Mar 16  Thu  Lasse RempeGillen (Liverpool)  SoMaS Colloquium 
16:00  LT7  
Mar 16  Thu  Lesley Longstone (Independent Police Complaints Commission)  RSS Seminar Series 
16:30  Hicks Room K14  Independent Police Complaints Commission: using statistics to improve public confidence  
Abstract: As part of the IPCC’s role in securing and maintaining public confidence in the complaints system, the IPCC uses learning from its work to influence changes in policing, ensure accountability and spreads best practice and high standards of service. We are responsible for producing national statistics on deaths in or following police contact and official statistics on public complaints made about the police. We also procure a nationally representative survey in England and Wales to measure public confidence in the police complaints system. The presentation provides an overview of the methodologies for these main statistical outputs and the challenges faced, including external interpretations and quality issues. It also considers uses of the data and making evidenced based decisions that allow us to drive continuous improvement.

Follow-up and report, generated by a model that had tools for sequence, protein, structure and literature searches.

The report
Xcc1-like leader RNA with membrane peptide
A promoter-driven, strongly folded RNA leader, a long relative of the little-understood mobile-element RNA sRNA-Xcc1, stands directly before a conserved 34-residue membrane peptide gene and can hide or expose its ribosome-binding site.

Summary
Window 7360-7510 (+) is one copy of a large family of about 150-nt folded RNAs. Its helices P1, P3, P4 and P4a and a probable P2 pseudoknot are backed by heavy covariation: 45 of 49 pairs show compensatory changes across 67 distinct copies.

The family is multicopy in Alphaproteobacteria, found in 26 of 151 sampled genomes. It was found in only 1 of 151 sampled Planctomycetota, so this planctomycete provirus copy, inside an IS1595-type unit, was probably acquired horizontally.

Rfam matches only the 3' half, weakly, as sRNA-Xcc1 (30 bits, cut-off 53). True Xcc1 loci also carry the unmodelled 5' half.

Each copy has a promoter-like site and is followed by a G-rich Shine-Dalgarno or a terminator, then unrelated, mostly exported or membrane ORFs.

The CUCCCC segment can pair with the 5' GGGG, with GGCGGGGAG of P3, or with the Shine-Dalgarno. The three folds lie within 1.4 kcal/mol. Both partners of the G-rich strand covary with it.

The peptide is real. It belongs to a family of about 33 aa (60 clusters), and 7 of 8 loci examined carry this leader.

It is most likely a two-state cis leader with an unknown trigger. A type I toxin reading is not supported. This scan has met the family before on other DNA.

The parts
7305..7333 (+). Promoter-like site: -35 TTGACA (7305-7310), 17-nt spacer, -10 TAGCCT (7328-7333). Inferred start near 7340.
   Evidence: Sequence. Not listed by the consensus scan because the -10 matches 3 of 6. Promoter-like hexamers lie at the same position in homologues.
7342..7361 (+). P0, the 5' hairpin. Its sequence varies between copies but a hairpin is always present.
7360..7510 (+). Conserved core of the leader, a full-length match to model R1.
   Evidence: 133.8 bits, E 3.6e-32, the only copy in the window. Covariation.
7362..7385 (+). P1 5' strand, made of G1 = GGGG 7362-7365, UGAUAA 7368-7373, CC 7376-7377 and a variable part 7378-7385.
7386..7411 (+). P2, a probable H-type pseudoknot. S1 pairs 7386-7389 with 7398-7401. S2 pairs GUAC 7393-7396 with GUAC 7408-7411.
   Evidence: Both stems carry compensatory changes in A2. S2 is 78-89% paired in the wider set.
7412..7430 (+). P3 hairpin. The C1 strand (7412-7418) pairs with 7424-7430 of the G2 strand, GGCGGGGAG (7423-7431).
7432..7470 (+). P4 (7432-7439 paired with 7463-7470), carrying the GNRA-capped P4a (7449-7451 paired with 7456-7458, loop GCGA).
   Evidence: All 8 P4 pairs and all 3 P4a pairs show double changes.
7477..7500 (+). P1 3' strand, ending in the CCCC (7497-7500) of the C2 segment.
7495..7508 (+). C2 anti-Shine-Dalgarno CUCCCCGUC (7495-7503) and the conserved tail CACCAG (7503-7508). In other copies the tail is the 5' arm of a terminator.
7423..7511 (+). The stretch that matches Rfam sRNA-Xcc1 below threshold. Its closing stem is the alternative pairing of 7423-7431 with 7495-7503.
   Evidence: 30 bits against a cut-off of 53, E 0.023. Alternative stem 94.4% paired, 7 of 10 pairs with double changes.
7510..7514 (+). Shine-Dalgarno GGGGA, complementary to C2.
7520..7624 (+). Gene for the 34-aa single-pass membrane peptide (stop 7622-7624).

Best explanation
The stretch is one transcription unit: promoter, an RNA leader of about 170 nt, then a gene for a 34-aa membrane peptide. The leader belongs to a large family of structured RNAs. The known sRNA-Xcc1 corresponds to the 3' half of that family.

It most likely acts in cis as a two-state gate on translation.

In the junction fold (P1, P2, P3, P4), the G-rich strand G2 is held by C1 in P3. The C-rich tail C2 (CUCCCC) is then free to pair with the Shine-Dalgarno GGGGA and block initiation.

Mar 20  Mon  Evgeny Shinder (Sheffield)  Algebraic Geometry Learning Seminar 
02:00  J11  BGG correspondence  
Mar 20  Mon  Louise RiotteLambert (Glasgow)  Mathematical Biology Seminar Series 
14:00  Alfred Denny Conference Room  Consequences of memorybased movement at the individual and population levels  
Mar 21  Tue  Sam Morgan (Sheffield)  Differential geometry seminar 
11:00  J11  Double Lie groupoids and their double Lie algebroids, III  
Abstract: In the third talk we will complete the construction of a double Lie algebroid of an LAgroupoid, and look at a specific example of an LAgroupoid arising naturally from a Poisson Lie group. We will finish by discussing the general notion of a double Lie algebroid of a double Lie groupoid. 

Mar 21  Tue  Prathan Jarupoonphol (Sheffield)  Number Theory Learning Seminar 
13:00  J11  Background. Part III.  
Abstract: The Lie algebra of $SL(2,\mathbb{R})$, the universal enveloping algebra and its centre, action on smooth functions on $SL(2,\mathbb{R})$. 

Mar 21  Tue  Paul Mitchener (Sheffield)  Operator Ktheory and Noncommutative Geometry Seminar 
14:00  J11  Ktheory of C*algebras. Part I.